British Classical Music: The Land of Lost Content
, April 2010
The Concerto for String Orchestra was first given in the United Kingdom at a promenade Concert on 11th August 1949. However the first performance had been broadcast on Radio Hilversum in June 1949. This is a restless piece which in many ways epitomises the changes taking place in British Music at the time. Latter day critics have compared it to Britten’s Variations on a Theme of Frank Bridge. However this seems to ignore the fact of the former work’s introspection and darker hues. I think there is a greater degree of unity in the Rawsthorne piece over and against the diversity of Britten’s ten characteristic pieces.
Paul Hamburger writing in the Autumn 1949 edition of the Music Survey was obviously impressed by the architecture and the textures of this piece.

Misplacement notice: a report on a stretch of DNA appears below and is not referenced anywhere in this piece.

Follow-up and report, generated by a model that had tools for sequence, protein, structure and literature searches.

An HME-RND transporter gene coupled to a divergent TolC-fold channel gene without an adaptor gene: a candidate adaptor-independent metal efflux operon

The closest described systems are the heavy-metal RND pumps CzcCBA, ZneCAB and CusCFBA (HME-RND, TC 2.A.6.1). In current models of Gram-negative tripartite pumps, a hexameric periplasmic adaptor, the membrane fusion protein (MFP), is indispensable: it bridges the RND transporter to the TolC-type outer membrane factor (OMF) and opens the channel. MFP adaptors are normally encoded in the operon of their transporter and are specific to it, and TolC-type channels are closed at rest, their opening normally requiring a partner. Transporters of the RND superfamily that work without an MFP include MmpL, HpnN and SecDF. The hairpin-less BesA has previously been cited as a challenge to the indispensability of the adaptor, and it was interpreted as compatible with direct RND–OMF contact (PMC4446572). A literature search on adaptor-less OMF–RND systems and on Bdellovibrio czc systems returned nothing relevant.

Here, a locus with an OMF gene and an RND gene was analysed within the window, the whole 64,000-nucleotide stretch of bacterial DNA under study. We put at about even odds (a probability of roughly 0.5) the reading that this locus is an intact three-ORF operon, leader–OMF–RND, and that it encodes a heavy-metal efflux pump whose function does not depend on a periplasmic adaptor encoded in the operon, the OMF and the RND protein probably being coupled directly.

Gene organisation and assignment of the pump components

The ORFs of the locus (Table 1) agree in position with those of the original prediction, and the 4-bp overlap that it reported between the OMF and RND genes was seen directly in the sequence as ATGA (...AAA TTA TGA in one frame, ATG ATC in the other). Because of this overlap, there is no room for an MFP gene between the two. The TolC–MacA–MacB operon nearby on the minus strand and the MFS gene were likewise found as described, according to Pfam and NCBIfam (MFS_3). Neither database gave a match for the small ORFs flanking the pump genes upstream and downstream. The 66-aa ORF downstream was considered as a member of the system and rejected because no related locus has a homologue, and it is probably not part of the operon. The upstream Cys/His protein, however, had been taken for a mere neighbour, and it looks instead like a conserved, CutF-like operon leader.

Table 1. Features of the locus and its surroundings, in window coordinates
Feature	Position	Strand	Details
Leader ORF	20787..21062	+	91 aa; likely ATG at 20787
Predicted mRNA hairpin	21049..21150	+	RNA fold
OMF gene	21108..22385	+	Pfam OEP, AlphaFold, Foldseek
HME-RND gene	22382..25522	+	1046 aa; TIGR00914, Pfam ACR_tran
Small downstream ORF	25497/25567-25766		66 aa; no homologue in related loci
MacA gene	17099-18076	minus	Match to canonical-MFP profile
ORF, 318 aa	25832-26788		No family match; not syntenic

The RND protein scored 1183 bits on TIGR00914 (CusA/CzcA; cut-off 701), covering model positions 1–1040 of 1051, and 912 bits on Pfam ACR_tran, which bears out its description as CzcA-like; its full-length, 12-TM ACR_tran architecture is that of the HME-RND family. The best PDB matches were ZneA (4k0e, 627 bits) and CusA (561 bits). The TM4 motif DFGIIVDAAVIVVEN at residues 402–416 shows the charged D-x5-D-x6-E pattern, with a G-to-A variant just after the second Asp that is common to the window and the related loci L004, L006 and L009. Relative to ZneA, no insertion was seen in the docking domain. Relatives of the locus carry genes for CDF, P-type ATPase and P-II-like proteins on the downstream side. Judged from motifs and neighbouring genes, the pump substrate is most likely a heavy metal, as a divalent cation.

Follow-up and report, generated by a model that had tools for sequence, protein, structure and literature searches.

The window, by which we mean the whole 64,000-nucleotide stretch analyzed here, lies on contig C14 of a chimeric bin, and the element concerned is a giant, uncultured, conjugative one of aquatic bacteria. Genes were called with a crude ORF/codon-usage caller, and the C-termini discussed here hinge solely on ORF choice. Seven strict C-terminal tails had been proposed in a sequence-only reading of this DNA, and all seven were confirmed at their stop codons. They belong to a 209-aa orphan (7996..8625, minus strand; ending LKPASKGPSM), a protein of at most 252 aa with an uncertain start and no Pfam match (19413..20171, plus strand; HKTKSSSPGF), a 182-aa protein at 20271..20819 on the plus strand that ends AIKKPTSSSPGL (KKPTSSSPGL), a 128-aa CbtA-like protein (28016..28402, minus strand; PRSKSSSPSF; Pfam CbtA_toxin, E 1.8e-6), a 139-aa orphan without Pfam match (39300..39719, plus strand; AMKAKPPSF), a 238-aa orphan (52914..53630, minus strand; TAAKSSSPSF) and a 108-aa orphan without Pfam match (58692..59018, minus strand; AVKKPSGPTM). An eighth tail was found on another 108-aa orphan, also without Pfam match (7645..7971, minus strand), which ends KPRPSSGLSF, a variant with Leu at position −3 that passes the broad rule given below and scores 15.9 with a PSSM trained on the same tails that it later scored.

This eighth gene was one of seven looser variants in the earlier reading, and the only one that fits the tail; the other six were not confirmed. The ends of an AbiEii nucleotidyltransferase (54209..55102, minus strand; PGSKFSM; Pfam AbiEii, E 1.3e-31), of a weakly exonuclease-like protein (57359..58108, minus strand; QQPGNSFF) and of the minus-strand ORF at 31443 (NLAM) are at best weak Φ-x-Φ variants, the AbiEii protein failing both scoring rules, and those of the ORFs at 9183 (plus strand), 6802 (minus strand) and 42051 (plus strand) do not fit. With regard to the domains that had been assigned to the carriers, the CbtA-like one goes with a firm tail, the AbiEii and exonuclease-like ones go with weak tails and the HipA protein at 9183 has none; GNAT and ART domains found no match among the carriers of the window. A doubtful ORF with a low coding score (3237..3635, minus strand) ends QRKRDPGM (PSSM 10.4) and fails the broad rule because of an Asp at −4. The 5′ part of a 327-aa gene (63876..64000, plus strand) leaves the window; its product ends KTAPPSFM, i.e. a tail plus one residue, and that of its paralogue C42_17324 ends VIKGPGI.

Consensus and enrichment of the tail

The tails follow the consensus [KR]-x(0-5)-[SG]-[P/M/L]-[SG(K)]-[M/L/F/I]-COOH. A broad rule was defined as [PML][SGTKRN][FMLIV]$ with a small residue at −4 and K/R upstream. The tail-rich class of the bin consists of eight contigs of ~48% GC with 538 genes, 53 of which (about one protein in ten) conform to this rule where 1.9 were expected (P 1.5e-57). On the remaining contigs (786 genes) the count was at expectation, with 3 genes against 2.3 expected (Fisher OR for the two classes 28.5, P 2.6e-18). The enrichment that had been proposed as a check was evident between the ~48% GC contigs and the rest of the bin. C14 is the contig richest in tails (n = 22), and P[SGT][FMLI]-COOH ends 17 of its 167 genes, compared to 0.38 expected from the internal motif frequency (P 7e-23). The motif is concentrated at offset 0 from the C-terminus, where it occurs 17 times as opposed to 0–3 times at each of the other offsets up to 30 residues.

He writes: ‘The laconic style, as opposed to mere “bitty-ness,” is much rarer in music than in literature, since only few composers, and still fewer listeners, are keen-eared enough to perceive, and leave unsaid, the associative links between several lapidary statements. Rawsthorne is one of these few, making us feel, rather as T.S. Eliot does, by his meaningful conciseness, that our musical, or general, education has been far from thorough. Nor can one say of his latest full-scale work, as one could of the Sonatina, that its material is not worked out in all its possibilities: here it is just a case of very individual material asking for so much working out, and no more. This is most apparent in the first movement, in strictest sonata form, with three well-defined subjects, the first contrapuntal, the second a lyrical passage for solo viola (the few solo passages occur in the 1st and 3rd movements, the slow movement being, as it were, a solo for the whole orchestra); a short development in double-counterpoint being followed by an emotional climax of the movement, a quiet solo-violin passage over a string tremolo; followed in turn by a shortened recapitulation. The 2nd movement, a kind of chaconne, has the same 4-note motto as ‘La Folia,’ used by Corelli and others, has some of the grave charm of those early Italian Chaconnes. Whether the quotation is conscious or not, one thing is certain: Rawsthorne’s musical roots strike very deep. Lastly comes a serious Rondo, thematically related to the first movement, with a quiet, almost stagnant first episode, and a fugue as second episode. The main section is progressively shortened until at last the few firm chords of the 2nd subject that are left put their foot down and call a halt. The work should be speedily published in miniature score.’